My tip: if it has a barcode, seriously reconsider its place in your diet. Look after your gut and make most, (if not, all) of your diet made up of whole foods (those that came from the earth, sea or sky).
Another thing to steer clear of is sodium nitrate or oxidised salts. Sodium nitrate is added to foods, such as bacon, deli meats and jerky to help preserve them and extend their shelf life. There are a number of health problems associated with products containing sodium nitrate. Studies show that sodium nitrate increases your risk of heart disease as it can damage the blood vessels around your heart – causing them to harden and narrow, which leads to heart disease. In addition, sodium nitrate may reduce glucose tolerance, which increases your likelihood of getting diabetes. Studies are linking sodium nitrate to cancer, neurological and intestinal problems. Likewise, manufactured salts are just as concerning. Steer clear or table salts and go for pink Himalayan, sea or celtic salts.
My tip: Source an organic butcher who produces ‘Nitrate Free’ bacon and deli meats. Also consider replacing deli meats with meat your roast or cook yourself.
Totally avoid trans fats found in highly processed vegetable oils
Manufactured trans fats are a nutrition no-no! Yet we find them in most foods on our shelves. Manufacturers love the because they make food taste crisp and crunchy, they are more stable so food lasts longer on the shelves, and, the clincher – they cost less. While they have the word ‘vegetable’ in them, they are anything but healthy. These oils are rancid, toxic and in excess are very harmful and highly pro-inflammatory. They are responsible for a rise in bad cholesterol and the lowering of good cholesterol. Trans fats have a history of poor communication associated. In his 1958 ‘Seven Countries Study,’ , Ancel Keys conducted a number of clinical trials to explore heart disease around the world. To make a long story short he “found” that saturated fats were to blame. Butchering the study completely, he left out probably the most important point which has been found in multiple studies since – that it is in fact a diet rich in high omega-6 fatty acids (found in trans fats) and low omega 3 (healthy fats found in vegetables, fruits and animal products) which causes health problems. Unfortunately, with this botched study and omitted information, it all led to the “low fat” craze. When scientists went back and properly analysed Key’s work and complimented with other studies they found that we need to be eating fats – just the right kinds. In addition, because of this study, butter was also shunned. Quickly, we replaced butter with margarines, thinking they were better for us. When infact, it is these spreads which are made with highly processed vegetable oils and are high in omega 6 fatty acids.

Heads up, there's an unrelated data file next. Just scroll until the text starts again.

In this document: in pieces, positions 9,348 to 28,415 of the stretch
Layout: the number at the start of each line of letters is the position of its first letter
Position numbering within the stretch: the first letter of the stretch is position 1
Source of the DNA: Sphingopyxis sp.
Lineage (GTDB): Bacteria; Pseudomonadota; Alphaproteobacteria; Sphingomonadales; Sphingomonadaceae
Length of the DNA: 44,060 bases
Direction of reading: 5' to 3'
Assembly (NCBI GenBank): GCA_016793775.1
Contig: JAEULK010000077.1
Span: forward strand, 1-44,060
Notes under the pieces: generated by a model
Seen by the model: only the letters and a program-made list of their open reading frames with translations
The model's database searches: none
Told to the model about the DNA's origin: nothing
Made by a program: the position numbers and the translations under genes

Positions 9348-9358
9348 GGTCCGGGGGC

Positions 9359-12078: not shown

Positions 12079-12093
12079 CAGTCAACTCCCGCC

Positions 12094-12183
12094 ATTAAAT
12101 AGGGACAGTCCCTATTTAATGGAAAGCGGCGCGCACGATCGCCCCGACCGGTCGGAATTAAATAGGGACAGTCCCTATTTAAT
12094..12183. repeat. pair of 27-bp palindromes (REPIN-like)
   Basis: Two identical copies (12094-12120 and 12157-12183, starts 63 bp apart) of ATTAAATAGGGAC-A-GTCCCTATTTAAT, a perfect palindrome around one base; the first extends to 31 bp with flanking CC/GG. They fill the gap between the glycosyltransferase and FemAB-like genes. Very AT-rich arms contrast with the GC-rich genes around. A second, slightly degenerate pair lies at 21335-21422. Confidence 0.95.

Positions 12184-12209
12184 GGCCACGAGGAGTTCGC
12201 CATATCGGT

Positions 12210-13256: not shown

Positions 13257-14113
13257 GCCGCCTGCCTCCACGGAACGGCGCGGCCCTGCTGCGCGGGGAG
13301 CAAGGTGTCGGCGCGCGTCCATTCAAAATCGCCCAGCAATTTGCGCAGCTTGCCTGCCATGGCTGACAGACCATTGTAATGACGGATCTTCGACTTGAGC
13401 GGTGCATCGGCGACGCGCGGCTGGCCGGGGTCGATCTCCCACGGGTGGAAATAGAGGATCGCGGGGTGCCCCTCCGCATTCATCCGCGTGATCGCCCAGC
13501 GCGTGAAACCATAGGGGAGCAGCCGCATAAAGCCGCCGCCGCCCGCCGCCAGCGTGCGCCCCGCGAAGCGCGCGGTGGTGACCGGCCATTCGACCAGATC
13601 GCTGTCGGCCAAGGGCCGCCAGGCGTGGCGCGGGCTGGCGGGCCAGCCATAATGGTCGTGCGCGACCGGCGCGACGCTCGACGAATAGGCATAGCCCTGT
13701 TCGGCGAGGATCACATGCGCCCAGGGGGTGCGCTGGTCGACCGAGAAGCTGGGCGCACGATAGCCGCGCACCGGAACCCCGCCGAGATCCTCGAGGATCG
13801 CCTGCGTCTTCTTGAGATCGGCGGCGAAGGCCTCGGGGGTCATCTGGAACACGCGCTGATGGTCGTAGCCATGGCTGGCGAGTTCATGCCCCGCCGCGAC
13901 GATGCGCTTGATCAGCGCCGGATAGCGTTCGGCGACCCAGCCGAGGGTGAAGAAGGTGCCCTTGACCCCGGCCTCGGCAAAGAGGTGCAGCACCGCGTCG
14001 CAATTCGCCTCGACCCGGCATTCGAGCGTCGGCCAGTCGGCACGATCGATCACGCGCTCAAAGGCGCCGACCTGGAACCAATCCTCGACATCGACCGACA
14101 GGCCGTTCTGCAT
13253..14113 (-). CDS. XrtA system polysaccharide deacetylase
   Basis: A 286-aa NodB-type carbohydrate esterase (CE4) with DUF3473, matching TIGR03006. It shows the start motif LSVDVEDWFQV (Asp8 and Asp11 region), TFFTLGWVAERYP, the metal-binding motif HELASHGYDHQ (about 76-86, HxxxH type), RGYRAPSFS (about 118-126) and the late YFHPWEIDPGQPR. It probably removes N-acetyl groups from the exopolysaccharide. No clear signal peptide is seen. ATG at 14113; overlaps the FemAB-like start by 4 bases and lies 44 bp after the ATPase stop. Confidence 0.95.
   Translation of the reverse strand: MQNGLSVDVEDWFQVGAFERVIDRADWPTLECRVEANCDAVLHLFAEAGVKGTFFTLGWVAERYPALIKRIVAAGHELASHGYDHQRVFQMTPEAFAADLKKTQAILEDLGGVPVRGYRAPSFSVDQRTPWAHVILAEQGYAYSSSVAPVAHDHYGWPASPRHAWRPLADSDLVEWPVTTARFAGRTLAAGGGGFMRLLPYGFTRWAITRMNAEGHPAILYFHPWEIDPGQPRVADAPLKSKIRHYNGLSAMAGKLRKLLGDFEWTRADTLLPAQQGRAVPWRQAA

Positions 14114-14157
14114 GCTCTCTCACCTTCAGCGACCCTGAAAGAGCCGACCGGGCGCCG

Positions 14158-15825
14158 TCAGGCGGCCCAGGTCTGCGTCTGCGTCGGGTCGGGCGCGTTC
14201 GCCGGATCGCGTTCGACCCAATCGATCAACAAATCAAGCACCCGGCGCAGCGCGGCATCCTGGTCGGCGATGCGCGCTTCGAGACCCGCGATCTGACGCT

If you could make any changes today, it would be to throw out any vegetable oils in your pantry and reassess all your food labels – most fried and fast foods (hot chips, spring rolls, pizza) and many packaged foods (baked goods, crackers, biscuits, frozen foods, pastries) contain harmful trans fats.
Top tip: Remember that when you eat out or on the run, restaurants mostly cook in vegetable oils (to save costs) – this means that if you often eat out – then you most likely have a diet high in omega 6 fatty acids. Opt for cooking at home (in butter, olive oil and coconut oils) as much as possible.
Reduce Alcohol Consumption
A study by Wang et al. (2010) explains that chronic inflammation is often associated with alcohol-related medical conditions. Chronic alcohol use impairs not only gut and liver functions, but also leads to persistent inflammation and ultimately – organ damage. Heavy or excessive and ongoing alcohol consumption contributes inflammation by interfering with the body’s natural defences and impairs the balance of microflora in the gut. This can lead to leaky gut sydrome, hinders the liver’s ability to detoxify and blocks the brain’s ability to regulate inflammation. In layman’s terms, – the more alcohol you drink, the more likely you are to increase the inflammatory response. We know that continued small hits to our body can flair the inflammatory response which promotes inflammation in the body.
Top tip: Limit alcohol consumption to a couple of glasses of high quality and preservative free red wine. Avoid alcohols high in sugar or carbohydrates as you spike your blood glucose at the same time as beating down your gut microbiome.
Reduce stress to mind and body